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    I would like to try the Liverpool as well. But going back to your question, I have a Koch Pedaltone that I have used direct on a number of occasions including a soundtrack for a movie (not sure what's going on with it) and it works and sounds very good. I would recommend that. It is a 4 tube preamp with switching of clean, overdrive, boost and a 1/2 watt power amp to give you some extra grind. Add some reverb at the board and maybe a delay pedal and voila you're good to go. I have used this more than I thought I would and do like it when I can't take my real amp on stage. I am also on the list for the Ethos Overdrive pedal which also has a record/speaker emulated out and I have heard good results from clips on those as well. The Koch has a pretty good "feel" factor to it as well. I have also done the POD thing and for my ears and taste I prefer the Pedaltone
     
  18. myles111

    myles111 Member

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    Try to find an older Mesa Formula single rack space preamp. It even has emulator outs and has three footswitchable channels. In a three rackspace rig you have space for the preamp and two rack spaces left for effects, rack tuner, or whatever in a light and compact setup.

    The first single space thing in the rack below (just below the Furman) is one of these.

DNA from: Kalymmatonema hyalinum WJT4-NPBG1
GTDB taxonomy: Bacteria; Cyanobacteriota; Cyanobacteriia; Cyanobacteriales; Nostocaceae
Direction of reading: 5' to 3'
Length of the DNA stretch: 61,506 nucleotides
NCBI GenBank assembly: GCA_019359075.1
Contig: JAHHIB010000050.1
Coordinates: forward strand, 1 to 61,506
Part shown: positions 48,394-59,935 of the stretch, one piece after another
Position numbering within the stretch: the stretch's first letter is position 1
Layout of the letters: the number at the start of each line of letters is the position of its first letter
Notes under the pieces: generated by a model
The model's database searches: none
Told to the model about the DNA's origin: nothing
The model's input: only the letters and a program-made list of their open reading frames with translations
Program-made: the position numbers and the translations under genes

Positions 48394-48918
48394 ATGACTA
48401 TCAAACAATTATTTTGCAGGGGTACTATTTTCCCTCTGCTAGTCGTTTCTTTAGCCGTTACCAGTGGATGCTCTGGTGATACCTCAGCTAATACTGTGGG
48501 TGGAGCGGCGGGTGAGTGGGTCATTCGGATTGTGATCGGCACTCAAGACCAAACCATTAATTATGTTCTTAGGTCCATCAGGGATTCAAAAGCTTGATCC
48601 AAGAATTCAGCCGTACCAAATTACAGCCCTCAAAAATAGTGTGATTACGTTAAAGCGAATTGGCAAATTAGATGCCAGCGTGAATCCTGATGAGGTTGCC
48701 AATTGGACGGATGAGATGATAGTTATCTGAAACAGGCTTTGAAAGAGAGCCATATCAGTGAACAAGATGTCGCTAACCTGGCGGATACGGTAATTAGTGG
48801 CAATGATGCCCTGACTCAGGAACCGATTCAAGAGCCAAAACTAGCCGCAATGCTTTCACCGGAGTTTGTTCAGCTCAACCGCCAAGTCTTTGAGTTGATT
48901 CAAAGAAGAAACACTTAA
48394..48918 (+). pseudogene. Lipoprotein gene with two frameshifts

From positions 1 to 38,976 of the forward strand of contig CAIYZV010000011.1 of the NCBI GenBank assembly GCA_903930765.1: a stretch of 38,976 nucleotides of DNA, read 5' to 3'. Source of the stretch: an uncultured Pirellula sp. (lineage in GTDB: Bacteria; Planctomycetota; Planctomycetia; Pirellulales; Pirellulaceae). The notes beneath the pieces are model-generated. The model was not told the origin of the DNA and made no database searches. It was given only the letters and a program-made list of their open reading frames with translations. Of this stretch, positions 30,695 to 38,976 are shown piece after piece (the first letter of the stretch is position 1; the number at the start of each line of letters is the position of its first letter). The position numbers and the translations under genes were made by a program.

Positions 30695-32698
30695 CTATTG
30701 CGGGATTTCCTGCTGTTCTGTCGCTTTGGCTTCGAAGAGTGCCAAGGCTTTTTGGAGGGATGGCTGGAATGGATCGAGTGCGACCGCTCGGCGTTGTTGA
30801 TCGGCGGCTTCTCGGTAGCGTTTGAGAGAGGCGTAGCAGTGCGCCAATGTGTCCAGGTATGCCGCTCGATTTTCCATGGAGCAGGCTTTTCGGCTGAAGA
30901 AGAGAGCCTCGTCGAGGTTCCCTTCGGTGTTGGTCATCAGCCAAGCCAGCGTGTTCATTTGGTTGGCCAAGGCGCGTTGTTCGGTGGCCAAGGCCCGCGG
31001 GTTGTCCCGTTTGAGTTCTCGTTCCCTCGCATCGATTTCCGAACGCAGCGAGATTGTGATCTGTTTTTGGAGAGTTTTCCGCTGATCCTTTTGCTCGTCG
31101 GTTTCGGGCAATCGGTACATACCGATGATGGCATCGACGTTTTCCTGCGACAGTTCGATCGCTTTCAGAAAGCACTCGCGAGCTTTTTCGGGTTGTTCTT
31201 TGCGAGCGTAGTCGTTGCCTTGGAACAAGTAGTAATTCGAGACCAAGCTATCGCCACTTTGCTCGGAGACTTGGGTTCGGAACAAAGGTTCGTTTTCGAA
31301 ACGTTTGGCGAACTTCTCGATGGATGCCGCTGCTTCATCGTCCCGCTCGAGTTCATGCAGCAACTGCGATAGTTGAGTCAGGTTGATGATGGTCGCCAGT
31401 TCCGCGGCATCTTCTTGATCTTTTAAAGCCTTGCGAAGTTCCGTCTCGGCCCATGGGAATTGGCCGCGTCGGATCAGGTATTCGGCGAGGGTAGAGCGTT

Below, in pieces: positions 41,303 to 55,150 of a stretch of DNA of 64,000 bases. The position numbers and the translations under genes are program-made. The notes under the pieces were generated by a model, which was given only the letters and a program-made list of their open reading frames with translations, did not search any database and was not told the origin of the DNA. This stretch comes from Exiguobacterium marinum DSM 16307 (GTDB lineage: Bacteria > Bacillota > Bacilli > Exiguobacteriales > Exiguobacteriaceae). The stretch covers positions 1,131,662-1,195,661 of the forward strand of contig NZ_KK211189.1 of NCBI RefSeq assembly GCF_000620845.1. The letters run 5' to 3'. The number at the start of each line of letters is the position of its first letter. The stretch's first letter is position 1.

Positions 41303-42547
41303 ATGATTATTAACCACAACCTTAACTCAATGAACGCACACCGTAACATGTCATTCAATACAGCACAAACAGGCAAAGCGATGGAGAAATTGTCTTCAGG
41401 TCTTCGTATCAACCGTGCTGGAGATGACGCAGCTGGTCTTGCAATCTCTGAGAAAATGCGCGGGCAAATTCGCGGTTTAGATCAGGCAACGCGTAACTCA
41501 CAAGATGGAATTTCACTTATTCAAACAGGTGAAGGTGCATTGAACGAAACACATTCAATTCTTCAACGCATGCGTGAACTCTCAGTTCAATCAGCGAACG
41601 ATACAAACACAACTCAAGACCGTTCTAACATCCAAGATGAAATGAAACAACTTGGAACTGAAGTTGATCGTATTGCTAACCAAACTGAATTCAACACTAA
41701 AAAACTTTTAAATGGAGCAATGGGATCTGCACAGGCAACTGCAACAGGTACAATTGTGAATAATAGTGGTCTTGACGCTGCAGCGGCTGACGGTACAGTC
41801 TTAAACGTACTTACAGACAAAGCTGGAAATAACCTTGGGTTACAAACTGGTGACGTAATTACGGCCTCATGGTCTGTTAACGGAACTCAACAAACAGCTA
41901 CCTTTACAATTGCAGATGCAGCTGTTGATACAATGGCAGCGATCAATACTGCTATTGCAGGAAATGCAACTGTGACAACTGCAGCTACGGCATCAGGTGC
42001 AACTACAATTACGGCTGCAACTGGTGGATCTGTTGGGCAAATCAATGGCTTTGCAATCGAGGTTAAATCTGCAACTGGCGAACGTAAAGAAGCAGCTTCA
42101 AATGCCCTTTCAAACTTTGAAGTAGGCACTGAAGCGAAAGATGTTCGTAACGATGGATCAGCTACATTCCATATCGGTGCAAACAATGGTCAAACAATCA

[​IMG]

    [​IMG]
     
  19. steadygarcia

    steadygarcia Member

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    From experience, I would say that yes, they do sound good enough to merit using. I was in a similar situation where I was playing a weekly gig in a bar with a 10-piece reggae band. I got so sick of hauling all my gear up the stairs of that bar every Wednesday night (guitars, amp, large pedal bag), especially in the winter, that I decided to try my Pod XT direct. I bought a balanced 1/4" to XLR cable and plugged it directly into the snake. I got tons of compliments on my FOH sound, and apparently all the delay and reverb effects sounded much clearer than they used to when I mic-ed my amp. The only drawback was that we had a crappy monitor set-up on stage, with only two mixes. I could barely hear myself. Actually, it was so bad, that after a couple of weeks I went back to my amp. But it sounds like you've got an excellent monitor situation, so I would say -- go for it.

    I don't know about the Liverpool and Bad Monkey, but with the Pod, the 1/4" outputs are balanced, and they pump out tons of signal. (In fact, I had to turn the output way down because the sound tech was having to pad my channel.) So all you need is a short, little 1/4" TRS to XLR cable and you're laughing. Plug it straight into the snake on stage. No need for a direct box -- the Pod itself (and I presume your gear too) is in effect just a super-glorified direct box.

    LC
     
  20. Miles

    Miles Member

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    I use a PODxt for church Mass running my acoustic or electric through it. It works great for volume control and adding a little chorus or delay through the church sound system. I'm a teacher and I sing with a choir of children each Friday morning. The PODxt has presets to save and easily accessible tuner and can sit on a mic stand which works great for my uses.

    So, if you're needing something more "on the floor" that Tech21 might be more successful on a budget. Otherwise, something up at your waist that is controllable might also work well.

    Miles